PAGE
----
Primary afferent tachykinins are required to experience moderate to intense pain

Nature. 1998 Mar 26;392(6674):390-4. doi: 10.1038/32897.


The excitatory neurotransmitter glutamate coexists with the peptide known as substance P in primary afferents that respond to painful stimulation. Because blockers of glutamate receptors reliably reduce pain behaviour, it is assumed that 'pain' messages are mediated by glutamate action on dorsal horn neurons. The contribution of substance P, however, is still unclear. We have now disrupted the mouse preprotachykinin A gene (PPT-A), which encodes substance P and a related tachykinin, neurokinin A. We find that although the behavioural response to mildly painful stimuli is intact in these mice, the response to moderate to intense pain is significantly reduced. Neurogenic inflammation, which results from peripheral release of substance P and neurokinin A, is almost absent in the mutant mice. We conclude that the release of tachykinins from primary afferent pain-sensing receptors (nociceptors) is required to produce moderate to intense pain.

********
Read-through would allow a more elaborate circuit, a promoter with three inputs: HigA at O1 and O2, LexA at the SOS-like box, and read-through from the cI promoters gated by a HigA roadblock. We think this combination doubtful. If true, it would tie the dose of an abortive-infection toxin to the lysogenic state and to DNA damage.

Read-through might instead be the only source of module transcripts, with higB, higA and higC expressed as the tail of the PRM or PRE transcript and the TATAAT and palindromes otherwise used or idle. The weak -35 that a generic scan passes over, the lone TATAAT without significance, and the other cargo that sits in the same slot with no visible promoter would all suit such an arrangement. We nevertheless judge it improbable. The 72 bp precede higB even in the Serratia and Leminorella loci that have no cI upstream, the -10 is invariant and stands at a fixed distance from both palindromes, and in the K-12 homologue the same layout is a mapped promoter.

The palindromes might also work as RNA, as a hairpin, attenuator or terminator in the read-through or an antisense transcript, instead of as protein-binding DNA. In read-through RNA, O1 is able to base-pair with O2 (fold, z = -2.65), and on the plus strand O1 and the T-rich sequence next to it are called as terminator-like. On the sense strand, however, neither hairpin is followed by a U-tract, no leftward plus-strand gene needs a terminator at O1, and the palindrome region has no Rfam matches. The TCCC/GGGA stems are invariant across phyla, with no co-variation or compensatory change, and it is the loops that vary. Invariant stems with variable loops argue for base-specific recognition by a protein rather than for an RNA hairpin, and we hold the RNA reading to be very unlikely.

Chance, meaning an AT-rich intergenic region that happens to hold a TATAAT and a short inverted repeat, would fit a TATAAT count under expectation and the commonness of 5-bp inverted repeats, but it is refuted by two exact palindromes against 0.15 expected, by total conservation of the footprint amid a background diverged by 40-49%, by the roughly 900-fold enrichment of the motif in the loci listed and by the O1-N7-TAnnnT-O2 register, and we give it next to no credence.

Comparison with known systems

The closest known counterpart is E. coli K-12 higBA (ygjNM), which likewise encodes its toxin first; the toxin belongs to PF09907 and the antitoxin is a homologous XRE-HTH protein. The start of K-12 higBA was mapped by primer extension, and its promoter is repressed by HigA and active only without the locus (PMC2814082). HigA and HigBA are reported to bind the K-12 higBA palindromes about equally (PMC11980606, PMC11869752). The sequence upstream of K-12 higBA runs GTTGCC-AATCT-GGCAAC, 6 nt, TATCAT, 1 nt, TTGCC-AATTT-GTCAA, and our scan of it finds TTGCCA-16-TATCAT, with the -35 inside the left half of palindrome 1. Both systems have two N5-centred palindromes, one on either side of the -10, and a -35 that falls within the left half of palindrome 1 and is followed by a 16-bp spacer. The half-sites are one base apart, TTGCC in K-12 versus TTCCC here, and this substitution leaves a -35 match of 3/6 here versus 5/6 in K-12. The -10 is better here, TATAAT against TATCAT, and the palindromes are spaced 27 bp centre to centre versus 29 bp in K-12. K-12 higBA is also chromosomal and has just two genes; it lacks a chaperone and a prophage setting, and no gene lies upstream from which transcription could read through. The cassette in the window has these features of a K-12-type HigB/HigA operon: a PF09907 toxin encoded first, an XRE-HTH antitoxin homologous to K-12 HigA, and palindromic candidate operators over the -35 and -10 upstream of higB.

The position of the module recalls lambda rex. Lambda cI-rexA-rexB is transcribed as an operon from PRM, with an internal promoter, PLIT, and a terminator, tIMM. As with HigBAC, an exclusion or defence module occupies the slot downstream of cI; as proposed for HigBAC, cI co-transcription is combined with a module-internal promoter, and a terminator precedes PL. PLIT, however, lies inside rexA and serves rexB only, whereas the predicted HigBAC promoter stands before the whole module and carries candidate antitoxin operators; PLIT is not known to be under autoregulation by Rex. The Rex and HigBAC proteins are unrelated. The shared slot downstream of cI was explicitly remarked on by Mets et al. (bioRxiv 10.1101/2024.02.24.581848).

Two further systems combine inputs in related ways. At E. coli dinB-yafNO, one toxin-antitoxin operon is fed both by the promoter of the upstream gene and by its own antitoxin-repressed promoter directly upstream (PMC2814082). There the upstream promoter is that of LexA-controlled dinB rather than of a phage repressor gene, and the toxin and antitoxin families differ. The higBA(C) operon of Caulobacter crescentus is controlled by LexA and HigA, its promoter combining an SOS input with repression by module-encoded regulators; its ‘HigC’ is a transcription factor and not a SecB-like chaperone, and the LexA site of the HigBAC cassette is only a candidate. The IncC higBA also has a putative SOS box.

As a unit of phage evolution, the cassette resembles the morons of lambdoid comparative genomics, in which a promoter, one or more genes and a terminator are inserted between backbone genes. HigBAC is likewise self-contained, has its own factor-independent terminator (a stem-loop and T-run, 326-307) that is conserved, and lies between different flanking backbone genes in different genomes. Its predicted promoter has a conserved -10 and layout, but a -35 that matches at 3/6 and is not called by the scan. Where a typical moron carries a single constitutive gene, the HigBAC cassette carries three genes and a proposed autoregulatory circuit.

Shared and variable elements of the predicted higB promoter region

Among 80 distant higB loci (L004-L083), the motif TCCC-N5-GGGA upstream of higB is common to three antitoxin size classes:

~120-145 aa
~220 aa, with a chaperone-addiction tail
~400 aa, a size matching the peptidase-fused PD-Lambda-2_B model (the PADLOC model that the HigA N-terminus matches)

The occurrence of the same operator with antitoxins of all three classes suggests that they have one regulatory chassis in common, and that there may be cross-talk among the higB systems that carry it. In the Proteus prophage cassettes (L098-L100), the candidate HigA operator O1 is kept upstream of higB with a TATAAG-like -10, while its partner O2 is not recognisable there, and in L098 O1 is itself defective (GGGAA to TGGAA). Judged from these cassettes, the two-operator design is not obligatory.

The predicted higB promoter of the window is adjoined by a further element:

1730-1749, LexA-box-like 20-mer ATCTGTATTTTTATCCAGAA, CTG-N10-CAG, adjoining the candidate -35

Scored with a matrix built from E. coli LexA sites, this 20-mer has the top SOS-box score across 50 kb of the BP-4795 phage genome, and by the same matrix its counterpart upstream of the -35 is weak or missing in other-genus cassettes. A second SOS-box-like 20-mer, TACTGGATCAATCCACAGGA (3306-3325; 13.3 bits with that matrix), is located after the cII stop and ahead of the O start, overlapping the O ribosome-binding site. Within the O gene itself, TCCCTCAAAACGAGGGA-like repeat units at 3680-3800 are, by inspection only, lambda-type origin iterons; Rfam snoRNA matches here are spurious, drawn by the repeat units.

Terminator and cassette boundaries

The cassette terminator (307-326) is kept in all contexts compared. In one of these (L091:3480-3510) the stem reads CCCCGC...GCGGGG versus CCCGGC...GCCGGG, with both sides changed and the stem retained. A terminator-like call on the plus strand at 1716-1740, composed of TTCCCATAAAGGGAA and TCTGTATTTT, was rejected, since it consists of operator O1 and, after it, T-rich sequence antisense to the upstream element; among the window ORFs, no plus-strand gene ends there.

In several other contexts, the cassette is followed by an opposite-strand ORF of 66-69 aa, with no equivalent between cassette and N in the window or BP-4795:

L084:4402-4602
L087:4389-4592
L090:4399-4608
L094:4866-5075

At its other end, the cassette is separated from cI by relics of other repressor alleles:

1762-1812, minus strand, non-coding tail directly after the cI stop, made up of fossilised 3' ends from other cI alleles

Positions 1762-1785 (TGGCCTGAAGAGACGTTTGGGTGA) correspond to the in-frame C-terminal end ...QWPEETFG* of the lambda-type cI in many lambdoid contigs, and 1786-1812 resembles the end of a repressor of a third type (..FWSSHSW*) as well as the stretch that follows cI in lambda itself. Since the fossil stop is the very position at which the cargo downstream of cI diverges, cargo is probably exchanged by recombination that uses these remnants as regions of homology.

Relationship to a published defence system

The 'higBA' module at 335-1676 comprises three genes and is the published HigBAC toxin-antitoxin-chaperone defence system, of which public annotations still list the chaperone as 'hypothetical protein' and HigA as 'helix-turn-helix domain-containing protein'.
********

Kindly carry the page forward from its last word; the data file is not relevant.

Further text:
Publication types

  • Research Support, U.S. Gov't, P.H.S.

MeSH terms

  • Animals
  • Cloning, Molecular
  • Female
  • Gene Targeting
  • Glutamic Acid / physiology
  • Male
  • Mice
  • Mice, Inbred C57BL
  • Neuritis / physiopathology
  • Neurokinin A / genetics
  • Neurokinin A / physiology*
  • Nociceptors / physiology*
  • Pain*
  • Protein Precursors / genetics
  • Protein Precursors / physiology
  • Receptors, Neurokinin-1 / physiology
  • Sensory Thresholds
  • Sequence Deletion
  • Stimulation, Chemical
  • Substance P / genetics
  • Substance P / physiology*
  • Tachykinins / genetics
  • Tachykinins / physiology


  • Protein Precursors
  • Receptors, Neurokinin-1
  • Tachykinins
  • preprotachykinin
  • Substance P
  • Glutamic Acid
  • Neurokinin A